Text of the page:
City Diaries: Victoria in Woodstock

There were roads named after Queen Victoria all over Cape Town. Forget history, the Queen had definitely made her mark in the geography in this former British colony.
The specific Victoria Rd, which she sought was the one housing a fabric store in Woodstock. She checked Google maps for directions beforehand and wrote out directions on the back of an old assignment. She didn’t want to be whipping out her phone while walking in the street.
The Myciti bus dropped her at Lawley Rd. According to her folio atlas, she was supposed to turn left when she saw a church. While in the street, she spotted a store named ‘Roodebloem Mart’. That wasn’t right. Roodebloem was another road. One which she was not seeking. She decided to walk up to a headscarf-clad elderly woman to ask for directions. She greeted her and asked: “Can Auntie tell me where Victoria Road is?” To refer to adults by first person pronouns was considered disrespectful amongst many older folk. Auntie smiled in a knowing maternal way: “Lovie, this is Victoria Rd.”


Source: @lucy_lilbit on Instagram

Woodstock was chaotic. As she walked, minibus taxis slowed down beside her, with the guardtjies screaming: “Kaap!” Every pedestrian was a potential commuter to them.
Woodstock had its own form of justice. She recalled headlines relating to this area from newspapers over the years: Investigator shot dead in front of police station! Gangster’s brother Burnt alive by a kangaroo court!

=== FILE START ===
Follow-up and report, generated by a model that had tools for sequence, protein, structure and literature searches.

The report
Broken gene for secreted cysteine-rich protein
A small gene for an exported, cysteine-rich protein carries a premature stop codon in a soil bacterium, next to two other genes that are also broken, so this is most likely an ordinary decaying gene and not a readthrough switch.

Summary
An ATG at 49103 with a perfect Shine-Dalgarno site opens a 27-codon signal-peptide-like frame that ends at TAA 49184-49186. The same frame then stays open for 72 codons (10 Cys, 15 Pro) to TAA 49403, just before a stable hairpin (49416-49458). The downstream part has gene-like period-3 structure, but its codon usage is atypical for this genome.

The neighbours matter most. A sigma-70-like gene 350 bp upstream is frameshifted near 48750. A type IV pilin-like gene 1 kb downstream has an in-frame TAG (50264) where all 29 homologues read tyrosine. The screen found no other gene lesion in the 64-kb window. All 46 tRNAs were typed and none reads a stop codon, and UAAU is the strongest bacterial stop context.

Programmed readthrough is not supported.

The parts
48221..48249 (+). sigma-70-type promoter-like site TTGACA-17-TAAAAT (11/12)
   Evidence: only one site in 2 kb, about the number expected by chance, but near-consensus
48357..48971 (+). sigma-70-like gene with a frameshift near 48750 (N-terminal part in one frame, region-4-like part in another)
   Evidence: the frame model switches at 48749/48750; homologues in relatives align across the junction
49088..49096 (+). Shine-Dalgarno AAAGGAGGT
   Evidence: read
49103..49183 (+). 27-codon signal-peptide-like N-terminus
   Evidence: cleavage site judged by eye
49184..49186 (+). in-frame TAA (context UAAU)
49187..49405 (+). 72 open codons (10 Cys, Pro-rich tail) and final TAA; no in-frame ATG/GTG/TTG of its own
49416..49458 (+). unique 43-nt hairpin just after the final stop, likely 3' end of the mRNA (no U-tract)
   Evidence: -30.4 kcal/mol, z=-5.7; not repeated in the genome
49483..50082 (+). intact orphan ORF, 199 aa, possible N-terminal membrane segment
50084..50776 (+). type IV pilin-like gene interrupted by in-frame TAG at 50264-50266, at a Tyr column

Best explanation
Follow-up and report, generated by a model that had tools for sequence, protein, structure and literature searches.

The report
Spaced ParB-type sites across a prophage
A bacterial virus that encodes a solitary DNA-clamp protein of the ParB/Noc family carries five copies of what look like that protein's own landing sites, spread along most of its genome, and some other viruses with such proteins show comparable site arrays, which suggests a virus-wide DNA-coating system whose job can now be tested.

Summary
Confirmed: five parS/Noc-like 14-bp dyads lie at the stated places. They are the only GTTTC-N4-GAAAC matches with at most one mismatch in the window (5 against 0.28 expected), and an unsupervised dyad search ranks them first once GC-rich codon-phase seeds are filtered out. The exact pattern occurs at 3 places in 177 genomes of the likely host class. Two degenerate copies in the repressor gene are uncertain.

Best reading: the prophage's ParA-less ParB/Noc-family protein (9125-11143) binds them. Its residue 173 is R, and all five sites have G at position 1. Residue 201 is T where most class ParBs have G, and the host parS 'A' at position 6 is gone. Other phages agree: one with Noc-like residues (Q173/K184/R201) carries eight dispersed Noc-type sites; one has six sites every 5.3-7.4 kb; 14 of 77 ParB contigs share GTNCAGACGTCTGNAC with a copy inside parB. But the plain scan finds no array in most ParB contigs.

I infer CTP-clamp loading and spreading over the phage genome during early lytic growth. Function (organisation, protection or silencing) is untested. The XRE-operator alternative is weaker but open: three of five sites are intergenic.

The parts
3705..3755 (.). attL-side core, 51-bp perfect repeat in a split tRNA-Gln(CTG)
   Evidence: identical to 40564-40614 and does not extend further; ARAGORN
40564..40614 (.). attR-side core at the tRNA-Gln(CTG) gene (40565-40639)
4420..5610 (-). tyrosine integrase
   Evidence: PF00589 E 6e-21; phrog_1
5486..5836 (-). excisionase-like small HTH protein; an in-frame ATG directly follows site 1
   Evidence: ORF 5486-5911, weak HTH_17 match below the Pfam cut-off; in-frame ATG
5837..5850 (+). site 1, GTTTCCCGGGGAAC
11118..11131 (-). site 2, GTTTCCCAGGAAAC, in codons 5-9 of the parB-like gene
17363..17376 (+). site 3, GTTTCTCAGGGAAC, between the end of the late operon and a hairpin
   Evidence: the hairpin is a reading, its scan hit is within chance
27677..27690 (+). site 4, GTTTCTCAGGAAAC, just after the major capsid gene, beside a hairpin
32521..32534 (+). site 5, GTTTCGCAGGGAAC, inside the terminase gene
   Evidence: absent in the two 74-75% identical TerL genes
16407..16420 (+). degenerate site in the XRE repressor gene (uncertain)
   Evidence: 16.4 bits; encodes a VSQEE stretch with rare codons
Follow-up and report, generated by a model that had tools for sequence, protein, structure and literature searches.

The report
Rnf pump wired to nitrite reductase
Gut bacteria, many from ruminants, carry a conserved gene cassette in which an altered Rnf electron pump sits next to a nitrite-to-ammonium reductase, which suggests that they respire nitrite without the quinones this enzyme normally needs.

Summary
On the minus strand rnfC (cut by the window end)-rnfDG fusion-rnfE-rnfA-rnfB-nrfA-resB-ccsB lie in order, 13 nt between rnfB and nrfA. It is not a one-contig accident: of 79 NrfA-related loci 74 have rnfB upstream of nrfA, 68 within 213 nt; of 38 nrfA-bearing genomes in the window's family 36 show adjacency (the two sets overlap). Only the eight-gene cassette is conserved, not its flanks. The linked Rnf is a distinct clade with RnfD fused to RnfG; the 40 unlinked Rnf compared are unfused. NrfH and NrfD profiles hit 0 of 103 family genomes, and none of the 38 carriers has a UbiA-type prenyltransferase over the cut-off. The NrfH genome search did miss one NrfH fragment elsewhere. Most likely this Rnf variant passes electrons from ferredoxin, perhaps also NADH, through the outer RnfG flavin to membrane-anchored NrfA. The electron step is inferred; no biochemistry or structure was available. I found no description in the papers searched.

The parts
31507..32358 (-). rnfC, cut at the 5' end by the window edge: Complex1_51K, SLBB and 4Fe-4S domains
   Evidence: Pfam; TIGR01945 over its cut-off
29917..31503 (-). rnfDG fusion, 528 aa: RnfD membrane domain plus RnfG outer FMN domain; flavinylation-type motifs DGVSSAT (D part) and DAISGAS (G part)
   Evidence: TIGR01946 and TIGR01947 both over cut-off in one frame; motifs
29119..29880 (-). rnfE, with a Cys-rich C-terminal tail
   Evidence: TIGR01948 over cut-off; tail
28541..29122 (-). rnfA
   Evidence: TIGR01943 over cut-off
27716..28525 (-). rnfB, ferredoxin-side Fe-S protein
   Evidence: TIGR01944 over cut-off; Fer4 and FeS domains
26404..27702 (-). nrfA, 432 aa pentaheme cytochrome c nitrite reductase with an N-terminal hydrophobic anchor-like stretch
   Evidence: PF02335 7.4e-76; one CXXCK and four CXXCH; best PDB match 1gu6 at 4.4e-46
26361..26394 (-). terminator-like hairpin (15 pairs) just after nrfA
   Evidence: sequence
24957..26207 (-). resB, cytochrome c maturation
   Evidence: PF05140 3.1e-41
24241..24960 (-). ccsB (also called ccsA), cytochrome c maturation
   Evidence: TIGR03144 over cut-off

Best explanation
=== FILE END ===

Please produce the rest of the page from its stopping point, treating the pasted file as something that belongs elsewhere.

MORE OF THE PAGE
She remembered considering Woodstock to be ugly in its entirety when she was younger. The ugliness seemed to hover over the houses, seeping into businesses like a sponge absorbing dishwater on a kitchen sink.

The Woodstock of yore was undergoing dramatic changes a decade or so later. She only needed to walk a few streets down to see the freshly painted buildings and eye-catching graphics. Attempting to dissipate the ugliness, gentrification was sweeping in. It was squeezing out the dishwater, along with its residents in elaborate eviction and relocation plans, to make way for swanky joints.

She carried on walking, feeling the heat take its toll on her body. Finally she arrived at the fabric store. Her eyes took in the rolls and rolls of fabric, from chiffon to cotton in every colour she could imagine. Cloth fit for a queen at prices affordable for a peasant.


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